Being productive yields getting motivated, and that requires creating small wins, which are achieved when we take action first. It is not that we need to wait until we have the motivation to act; instead, we need to act in order to get motivated.
According to Ross Greene, PhD, it turns out that for kids and adults alike,we do well at things when we can. That means we need to be intentional about developing the skills needed to be more productive in our students and ourselves.
Simply determining what needs to be done will not enhance productivity. That is why agendas and planners (alone) are not the solution. We must go beyond the to-do list for ourselves as educators and with our students in order to develop skills and build systems and habits for success.
So how can we move from a culture of “to-do” to “done” and better use our time for maximum return? Furthermore, how can we help our students to do the same?
The key insight that follows might just surprise you, because it is likely something that you (and your students) probably never learned in school. It is an altogether unique formula and straightforward recipe for productivity. It seems to be common sense, yet it is at the same time so wonderfully complicated that it is not common practice.
To Do + When = Done
Moving from “to-do” to “done” requires knowing not just what you want to do, but when you will do it. So stop making to-do lists and stop having your students merely use an agenda. Instead, put things on your calendar to get more done. Since what gets scheduled gets done, this small adjustment to your productivity workflow will make you more likely to accomplish what you set out to do.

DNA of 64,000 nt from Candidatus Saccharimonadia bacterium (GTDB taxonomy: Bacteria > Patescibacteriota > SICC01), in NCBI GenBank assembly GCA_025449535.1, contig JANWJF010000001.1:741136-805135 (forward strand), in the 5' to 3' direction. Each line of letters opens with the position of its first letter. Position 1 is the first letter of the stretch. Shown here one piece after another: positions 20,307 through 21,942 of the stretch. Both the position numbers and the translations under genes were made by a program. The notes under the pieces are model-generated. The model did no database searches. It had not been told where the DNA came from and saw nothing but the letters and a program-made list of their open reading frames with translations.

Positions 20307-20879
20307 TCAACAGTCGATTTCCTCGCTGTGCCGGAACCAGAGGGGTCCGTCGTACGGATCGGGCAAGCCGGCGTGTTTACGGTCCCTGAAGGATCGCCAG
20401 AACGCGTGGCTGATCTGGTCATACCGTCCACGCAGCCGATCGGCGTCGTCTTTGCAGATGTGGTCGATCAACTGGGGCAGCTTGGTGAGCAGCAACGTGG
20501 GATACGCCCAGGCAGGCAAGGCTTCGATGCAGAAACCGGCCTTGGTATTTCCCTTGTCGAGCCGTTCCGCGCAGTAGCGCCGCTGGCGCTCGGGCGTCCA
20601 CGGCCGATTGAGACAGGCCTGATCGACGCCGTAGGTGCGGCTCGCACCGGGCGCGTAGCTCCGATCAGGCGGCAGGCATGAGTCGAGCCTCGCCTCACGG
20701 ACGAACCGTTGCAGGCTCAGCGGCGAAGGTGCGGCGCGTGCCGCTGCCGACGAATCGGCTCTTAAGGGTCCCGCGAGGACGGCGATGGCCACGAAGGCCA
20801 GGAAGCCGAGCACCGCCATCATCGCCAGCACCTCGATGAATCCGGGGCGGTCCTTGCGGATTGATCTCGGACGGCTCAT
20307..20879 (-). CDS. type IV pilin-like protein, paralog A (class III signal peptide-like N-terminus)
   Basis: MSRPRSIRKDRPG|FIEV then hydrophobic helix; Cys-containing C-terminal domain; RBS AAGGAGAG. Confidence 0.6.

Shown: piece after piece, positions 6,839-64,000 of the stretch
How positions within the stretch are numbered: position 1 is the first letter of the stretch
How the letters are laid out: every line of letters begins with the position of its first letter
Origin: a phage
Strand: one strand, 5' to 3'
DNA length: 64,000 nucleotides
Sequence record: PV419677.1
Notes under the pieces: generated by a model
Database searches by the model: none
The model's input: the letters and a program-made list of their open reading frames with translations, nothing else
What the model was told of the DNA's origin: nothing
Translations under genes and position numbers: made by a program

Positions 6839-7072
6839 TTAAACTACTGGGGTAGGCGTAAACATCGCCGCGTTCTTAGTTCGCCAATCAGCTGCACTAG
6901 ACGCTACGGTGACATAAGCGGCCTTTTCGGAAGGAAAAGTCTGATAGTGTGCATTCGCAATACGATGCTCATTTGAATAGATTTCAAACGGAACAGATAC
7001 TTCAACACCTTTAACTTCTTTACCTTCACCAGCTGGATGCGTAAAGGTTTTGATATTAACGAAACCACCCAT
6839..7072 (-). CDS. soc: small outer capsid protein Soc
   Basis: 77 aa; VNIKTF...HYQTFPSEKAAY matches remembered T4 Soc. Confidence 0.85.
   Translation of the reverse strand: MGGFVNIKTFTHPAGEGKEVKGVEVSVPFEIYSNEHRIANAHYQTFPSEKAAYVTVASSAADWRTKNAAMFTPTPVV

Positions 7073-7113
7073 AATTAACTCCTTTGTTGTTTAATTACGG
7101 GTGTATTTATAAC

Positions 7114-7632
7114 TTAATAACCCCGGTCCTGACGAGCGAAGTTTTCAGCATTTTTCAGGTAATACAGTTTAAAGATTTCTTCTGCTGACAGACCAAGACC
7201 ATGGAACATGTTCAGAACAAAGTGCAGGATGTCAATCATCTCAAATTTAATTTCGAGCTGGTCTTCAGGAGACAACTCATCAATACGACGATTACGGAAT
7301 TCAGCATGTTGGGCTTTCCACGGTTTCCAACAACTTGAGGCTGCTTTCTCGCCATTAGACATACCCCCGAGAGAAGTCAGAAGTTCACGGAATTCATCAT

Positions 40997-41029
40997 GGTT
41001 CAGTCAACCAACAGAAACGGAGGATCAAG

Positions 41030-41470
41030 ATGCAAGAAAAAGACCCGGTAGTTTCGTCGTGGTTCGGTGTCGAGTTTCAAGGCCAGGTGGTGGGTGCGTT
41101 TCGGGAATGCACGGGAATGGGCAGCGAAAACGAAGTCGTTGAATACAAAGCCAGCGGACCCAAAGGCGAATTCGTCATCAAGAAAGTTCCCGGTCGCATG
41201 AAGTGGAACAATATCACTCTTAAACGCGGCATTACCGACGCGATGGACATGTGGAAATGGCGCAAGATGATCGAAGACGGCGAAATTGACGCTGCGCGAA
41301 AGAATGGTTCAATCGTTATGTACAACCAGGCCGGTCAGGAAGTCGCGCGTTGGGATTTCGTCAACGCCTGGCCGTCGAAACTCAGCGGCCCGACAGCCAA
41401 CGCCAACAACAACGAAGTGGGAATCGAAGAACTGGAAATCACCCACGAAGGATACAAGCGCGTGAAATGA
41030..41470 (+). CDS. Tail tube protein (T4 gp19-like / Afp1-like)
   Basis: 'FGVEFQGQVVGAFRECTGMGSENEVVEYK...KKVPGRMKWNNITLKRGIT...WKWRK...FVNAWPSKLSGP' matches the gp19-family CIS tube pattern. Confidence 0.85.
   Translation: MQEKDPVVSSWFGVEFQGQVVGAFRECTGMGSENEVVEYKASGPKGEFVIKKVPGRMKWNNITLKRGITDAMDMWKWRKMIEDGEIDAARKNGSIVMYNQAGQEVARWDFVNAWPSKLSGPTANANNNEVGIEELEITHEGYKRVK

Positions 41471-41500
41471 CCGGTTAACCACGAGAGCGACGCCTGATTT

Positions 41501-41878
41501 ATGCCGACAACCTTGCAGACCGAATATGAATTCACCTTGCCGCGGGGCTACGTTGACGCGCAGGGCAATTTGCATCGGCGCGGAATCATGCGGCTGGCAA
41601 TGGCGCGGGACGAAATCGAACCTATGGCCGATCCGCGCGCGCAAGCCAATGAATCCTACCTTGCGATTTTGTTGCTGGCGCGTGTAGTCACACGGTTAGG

Here’s why. When we make to-do lists, that is, when we decide what we are going to do, we get comfortable that we have a plan. We don’t know when we will get it done, just that we will (or, at least, that we hope to.) But the smallest action is more valuable than the greatest intention, so leaving it at the to-do list leaves us in a suspended state without a cue to get things done. By putting your to-do list on your calendar, you plan when you will do what. That means when the time to do something approaches, it triggers you to do the thing you planned to do. Without the trigger, it is easy to forget or ignore. This same strategy is the antidote to the ineffective approach for grabbing lunch with a friend, fondly known as, “we should get together sometime.”
By incorporating this equation as a principle for managing time into your professional practice, and by sharing it with your students as well, you’ll find yourself working smarter, not harder in no time at all!
If you are ready to take the next steps to move from to-do to done, then check out the following resources to use with colleagues or students so you can do things differently, and not just do the same things better.
How to Write a Book Without Losing Your Mind
The Science of Perfect Timing
Don’t Set Goals, Make New Habits Instead
Losers have goals and winners have systems
Why you should focus on habits and systems, not goals
Gary G. Abud, Jr. is an educational consultant, speaker, and writer near Detroit. His work currently focuses on helping kids with ADHD to succeed in school by offering coaching and workshops to educators, students, and families. Previously, Gary has served students in K-12 schools as a STEM teacher, curriculum specialist, and principal. In 2014, he was selected as the Michigan Teacher of the Year.
The opinions expressed in Teacher-Leader Voices are strictly those of the author(s) and do not reflect the opinions or endorsement of Editorial Projects in Education, or any of its publications.